MANCHESTER, NH — The New Hampshire attorney general's office says it is investigating what it calls an “unlawful attempt” to suppress voters after President Joe Biden's robocall told NBC News not to vote in Tuesday's presidential election.
“Although the voice on the robocall was that of President Biden, based on initial indications the message appears to be artificially generated,” the attorneys general's office said. Report. “These messages appear to be an illegal attempt to disrupt the New Hampshire presidential election and suppress New Hampshire voters. New Hampshire voters should disregard the content of this message in its entirety.”
The investigation comes after a prominent New Hampshire Democrat filed a complaint after his personal cell phone number showed up on the caller ID of those receiving the calls.
“What a bunch of malarkey,” the robocall phone message begins, echoing a favorite phrase Biden has said before.
“It's important to save your vote for the November election,” the message said.
“Voting this Tuesday only helps Republicans re-elect Donald Trump. Your vote makes the difference in November, not this Tuesday,” it said.
The message ends with the phone number of Cathy Sullivan, the former chairwoman of the New Hampshire Democratic Party, who now runs a super PAC supporting a campaign urging New Hampshire Democrats to write in Biden's name in the primary.
If you received this robocall or have more information about it, contact NBC News Here.
Biden's name did not appear on Tuesday's ballot, a result of state election officials setting South Carolina's Feb. 3 primary as the first sanctioned race for the 2024 nomination under new Democratic National Committee rules.
But local supporters launched a late write-in effort for Biden as a way to send a message to the national party about Marshall's support and the Granite State's homegrown, centuries-old heritage.
In an interview, Sullivan said she began receiving calls Sunday evening from people who received the message. One woman she spoke to said Biden called her, although she said she was not a Biden supporter.
“I said, 'You got a call from Joe Biden and he gave me my number?'” she replied to Sullivan.
A volunteer for the write-in campaign also received the call and recorded it, Sullivan says, and shared it with organizers of the Biden write-in campaign. One of the organizers shared it with NBC News.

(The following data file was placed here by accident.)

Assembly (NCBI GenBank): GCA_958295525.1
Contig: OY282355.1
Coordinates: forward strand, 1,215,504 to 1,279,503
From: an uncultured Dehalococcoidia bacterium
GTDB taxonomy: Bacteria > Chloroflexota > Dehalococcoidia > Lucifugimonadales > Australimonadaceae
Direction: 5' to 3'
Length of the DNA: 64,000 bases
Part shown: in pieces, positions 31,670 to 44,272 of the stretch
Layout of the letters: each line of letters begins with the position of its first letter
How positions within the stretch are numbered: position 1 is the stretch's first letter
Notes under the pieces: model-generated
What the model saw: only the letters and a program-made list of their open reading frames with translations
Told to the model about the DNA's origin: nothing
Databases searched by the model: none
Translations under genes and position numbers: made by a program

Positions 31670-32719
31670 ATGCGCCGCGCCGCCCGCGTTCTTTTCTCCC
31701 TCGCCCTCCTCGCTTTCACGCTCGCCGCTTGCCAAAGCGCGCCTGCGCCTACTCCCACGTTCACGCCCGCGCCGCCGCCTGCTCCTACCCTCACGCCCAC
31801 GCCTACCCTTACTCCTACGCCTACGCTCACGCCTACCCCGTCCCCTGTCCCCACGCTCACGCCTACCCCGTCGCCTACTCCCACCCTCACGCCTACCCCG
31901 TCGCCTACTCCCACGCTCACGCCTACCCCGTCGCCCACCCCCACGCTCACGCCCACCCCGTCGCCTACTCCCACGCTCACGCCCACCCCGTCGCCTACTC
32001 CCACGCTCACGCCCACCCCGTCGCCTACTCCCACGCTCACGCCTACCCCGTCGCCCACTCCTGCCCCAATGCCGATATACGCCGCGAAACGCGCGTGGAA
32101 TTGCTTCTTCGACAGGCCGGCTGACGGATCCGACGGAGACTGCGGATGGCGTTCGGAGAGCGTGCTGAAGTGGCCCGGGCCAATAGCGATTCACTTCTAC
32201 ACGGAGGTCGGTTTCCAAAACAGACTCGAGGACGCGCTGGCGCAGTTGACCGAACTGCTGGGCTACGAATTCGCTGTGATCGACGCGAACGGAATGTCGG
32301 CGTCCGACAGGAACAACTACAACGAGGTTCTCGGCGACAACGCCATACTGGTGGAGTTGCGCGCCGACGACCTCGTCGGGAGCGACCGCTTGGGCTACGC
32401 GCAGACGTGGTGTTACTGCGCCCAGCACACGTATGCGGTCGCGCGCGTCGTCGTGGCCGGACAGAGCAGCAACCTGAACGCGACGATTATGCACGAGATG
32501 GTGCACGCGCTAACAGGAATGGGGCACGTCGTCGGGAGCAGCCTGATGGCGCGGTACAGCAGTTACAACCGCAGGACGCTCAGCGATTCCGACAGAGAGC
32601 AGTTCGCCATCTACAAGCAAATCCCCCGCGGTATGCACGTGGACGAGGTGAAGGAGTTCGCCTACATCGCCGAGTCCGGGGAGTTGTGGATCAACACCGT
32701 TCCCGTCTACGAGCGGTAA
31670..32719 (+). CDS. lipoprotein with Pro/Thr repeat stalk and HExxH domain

It is not clear how many voters were invited or what type of voters were targeted. Lists of voters' phone numbers can be readily purchased from data brokers.
And Sullivan said that while it was unclear who was behind the robocall, “it was someone who wanted to hurt Joe Biden.”
“I want them prosecuted as much as possible because it's an attack on democracy,” said Sullivan, a lawyer who believes the call violates several laws. “I'm not going to let it go. I want to know who's paying for it? Who knows about it? Who benefits?”
He also plans to get involved with federal law enforcement, he said.
Biden campaign manager Julie Chavez Rodriguez said the campaign is “actively discussing additional steps to take immediately.”
Sullivan served as party chairman in 2002 when a phone-jamming attempt was made during a hotly contested U.S. Senate race. including two Republican officials Administrative director State Republican and Republican National Committee activist guilty Using computer-generated phone calls to disrupt Democrats' polling call center operations.
State officials are speaking out against the calls.
New Hampshire Secretary of State, David Scanlon, said The calls “reinforce national concern about the impact of artificial intelligence on campaigns.”
Sen. Maggie Hassan, D.N.H., said she hopes the turnout effort will backfire on Biden.
“I urge Granite Staters to make sure their friends and neighbors know the truth and write in even bigger numbers in President Biden's name,” he said.
Minnesota Congressman Dean Phillips' campaign, which challenged Biden's nomination, said it was unaware of the calls but called it “hostile.”
“Any attempt to discourage voters is disgraceful and an unacceptable affront to democracy,” said Katie Dolan. “The potential use of AI to manipulate voters is deeply troubling.”
A spokeswoman for Trump's campaign denied any connection to the call, saying, “We're not, we had nothing to do with it.”